A mixture of 1-trifluoromethylthio-2-propanone oxime (0.02 mole) from Step 2, methyl isocyanate (0.22 mole) and 2 drops of triethylamine in 25 ml of dichloromethane was heated at its reflux temperature overnight. The solvent was removed by evaporation under vacuum. The residual oil was recrystallized from a mixture of petroleum ether and diethyl ether to give a pure sample of 1-trifluoromethylthio-2-propanone O-methylcarbamoyl oxime, m.p. 56°-58°C. The structure of the product was confirmed by elemental and spectral analyses.
Step 3 (Process B)
To a cold (0°-5°C) benzene solution of phosgene (23.2 g of 12.5% solution, i.e. 0.03 mole phosgene) was added dimethylaniline (0.03 mole). To the cold mixture was added 1-trifluoromethylthio-2-propanone oxime (0.03 mole) from Step 2 and 60 ml of benzene. The reaction mixture was stirred for two hours at room temperature. Aqueous methylamine (0.03 mole) was then added to the reaction mixture. The reaction mixture was then washed with water and dried. Filtration to remove the drying agent was followed by evaporation of the solvents under vacuum to provide a residue which was purified by chromatography on silica gel and recrystallization. The structure was confirmed by spectral comparison of the product with the spectral characteristics of the product of Process A.
Preparation of the aldehyde according to Example 2.
A mixture of hydroxylamine hydrochloride (0.09 mole) in methanol (230 ml), sodium carbonate (4.8 g, 0.045 mole) in 50 ml of water and 2-trifluoromethylthio-2-methylpropionaldehyde (14.85 g, 0.086 mole) from Step 1 was stirred at room temperature overnight. The reaction mixture was poured into water, the oxime was extracted into diethyl ether, the combined ether extracts were washed with water and then dried. The drying agent was removed by filtration and the filtrate was distilled to provide 2-trifluoromethylthio-2-methylpropionaldehyde oxime, b.p. 80°C/18 mm. The structure of this product was confirmed by elemental and spectroscopic analyses.
2-Trifluoromethylthio-2-methylpropionaldehyde oxime from Step 2 was reacted with methyl isocyanate according to the method of Example 7, Step 3, Process A. The carbamate product was found to have a melting point of 29°-30°C and its structure was confirmed by elemental and spectroscopic analyses.
The following examples illustrate additional compounds of the invention prepared according to the synthetic methods illustrated in Example 3.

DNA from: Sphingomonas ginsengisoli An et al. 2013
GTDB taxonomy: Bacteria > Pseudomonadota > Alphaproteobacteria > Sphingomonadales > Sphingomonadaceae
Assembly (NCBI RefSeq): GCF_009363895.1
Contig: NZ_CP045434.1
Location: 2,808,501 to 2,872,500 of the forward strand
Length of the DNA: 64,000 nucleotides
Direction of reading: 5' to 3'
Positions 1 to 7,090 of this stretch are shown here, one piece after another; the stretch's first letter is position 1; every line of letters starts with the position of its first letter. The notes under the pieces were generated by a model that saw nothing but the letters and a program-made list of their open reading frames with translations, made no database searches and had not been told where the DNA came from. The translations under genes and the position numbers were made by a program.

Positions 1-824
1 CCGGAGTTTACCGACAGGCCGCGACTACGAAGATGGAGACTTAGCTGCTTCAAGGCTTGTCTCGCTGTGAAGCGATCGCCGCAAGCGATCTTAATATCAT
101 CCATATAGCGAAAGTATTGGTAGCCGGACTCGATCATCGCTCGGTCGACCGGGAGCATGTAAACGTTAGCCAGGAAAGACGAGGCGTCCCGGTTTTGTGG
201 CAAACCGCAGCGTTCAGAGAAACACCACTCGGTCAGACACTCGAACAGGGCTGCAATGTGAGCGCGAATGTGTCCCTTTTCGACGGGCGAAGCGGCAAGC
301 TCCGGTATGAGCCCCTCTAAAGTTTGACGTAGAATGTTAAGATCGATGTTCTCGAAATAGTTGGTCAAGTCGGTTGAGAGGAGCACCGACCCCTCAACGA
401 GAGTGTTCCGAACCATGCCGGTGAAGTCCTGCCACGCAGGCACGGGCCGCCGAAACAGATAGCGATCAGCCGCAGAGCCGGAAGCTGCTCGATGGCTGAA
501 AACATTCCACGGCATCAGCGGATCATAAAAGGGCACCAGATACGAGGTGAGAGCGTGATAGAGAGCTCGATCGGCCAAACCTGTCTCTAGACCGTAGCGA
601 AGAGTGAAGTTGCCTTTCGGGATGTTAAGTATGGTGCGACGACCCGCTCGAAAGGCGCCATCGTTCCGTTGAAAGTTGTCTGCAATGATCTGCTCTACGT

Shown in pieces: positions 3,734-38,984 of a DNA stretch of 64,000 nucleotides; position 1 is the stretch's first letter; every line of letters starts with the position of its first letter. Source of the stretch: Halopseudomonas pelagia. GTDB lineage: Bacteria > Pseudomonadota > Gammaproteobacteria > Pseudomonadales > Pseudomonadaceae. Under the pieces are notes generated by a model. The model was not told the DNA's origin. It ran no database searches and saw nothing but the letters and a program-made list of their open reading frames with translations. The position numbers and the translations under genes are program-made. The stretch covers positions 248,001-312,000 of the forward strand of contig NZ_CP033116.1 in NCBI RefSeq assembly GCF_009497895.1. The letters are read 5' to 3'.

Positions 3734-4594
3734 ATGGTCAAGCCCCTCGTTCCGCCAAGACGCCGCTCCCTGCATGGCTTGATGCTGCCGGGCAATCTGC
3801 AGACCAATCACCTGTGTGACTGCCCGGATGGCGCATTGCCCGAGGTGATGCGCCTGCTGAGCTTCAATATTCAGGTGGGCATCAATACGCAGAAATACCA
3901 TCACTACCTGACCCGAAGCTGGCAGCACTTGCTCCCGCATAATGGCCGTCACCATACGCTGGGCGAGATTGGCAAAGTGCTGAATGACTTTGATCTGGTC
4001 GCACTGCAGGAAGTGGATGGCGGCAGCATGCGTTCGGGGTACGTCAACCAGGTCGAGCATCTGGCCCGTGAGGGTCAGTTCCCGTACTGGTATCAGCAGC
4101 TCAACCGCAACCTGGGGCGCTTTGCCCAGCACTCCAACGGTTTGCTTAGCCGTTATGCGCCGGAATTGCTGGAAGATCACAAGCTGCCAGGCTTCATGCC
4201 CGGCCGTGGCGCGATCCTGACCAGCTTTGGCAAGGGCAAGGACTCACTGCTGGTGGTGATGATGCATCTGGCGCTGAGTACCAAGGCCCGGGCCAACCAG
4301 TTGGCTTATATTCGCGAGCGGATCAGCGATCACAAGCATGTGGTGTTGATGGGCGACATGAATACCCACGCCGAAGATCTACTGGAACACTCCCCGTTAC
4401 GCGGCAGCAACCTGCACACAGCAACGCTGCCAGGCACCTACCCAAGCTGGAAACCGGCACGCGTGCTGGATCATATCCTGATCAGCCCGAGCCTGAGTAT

Example 9______________________________________Structure Boiling Point Elemental Analysis (°C/mmHg) (Calculated/Found)______________________________________CH3CF3 SCH--CH=O 61°/150 C, 30.38; H, 3.19 C, 30.4 ; H, 3.3______________________________________
Example 10______________________________________Structure Boiling Point Elemental Analysis (°C/mmHg) (Calculated/Found)______________________________________ 35°/0.35 C, 45.27; H, 5.22 C, 45.5 ; H, 5.2______________________________________
|Cited Patent||Filing date||Publication date||Applicant||Title|
|DE2240223A1 *||Aug 16, 1972||May 30, 1973||Ciba Geigy Ag||Neue ester|
|Citing Patent||Filing date||Publication date||Applicant||Title|
|US4054592 *||Nov 12, 1975||Oct 18, 1977||Ciba-Geigy Corporation||Urethanes containing two perfluoroalkylthio groups|
|US4316910 *||Aug 11, 1980||Feb 23, 1982||Bayer Aktiengesellschaft||Combating arthropods with substituted 2-carbamoyloximino-butanes|
|US4562292 *||Aug 18, 1983||Dec 31, 1985||The Regents Of The University Of California||Trifluoromethylketone sulfides and reversible enzyme inhibition therewith|
|US4683339 *||Nov 26, 1985||Jul 28, 1987||Atochem||2,2-bis-(2-perfluoroalkylethylthio)-acetaldehydes and process for production thereof|
|US4721812 *||May 5, 1987||Jan 26, 1988||Atochem||2,2-bis-(2-perfluoroalkylethylthio)-acetaldehydes and process for production thereof|
|US4810720 *||Dec 30, 1986||Mar 7, 1989||Bayer Aktiengesellschaft||Pesticidal 1-arylpyrazoles, compositions and use|
|US5155281 *||Jun 1, 1984||Oct 13, 1992||The United States Of America As Represented By The Secretary Of The Navy||Preparing dichloroformals|
|EP0231510A2||Dec 23, 1986||Aug 12, 1987||Bayer Ag||1-Aryl pyrazoles|
|U.S. Classification||568/43, 564/255, 568/41, 560/33, 504/300, 504/305, 504/304|
|International Classification||C07C49/16, C07C47/14|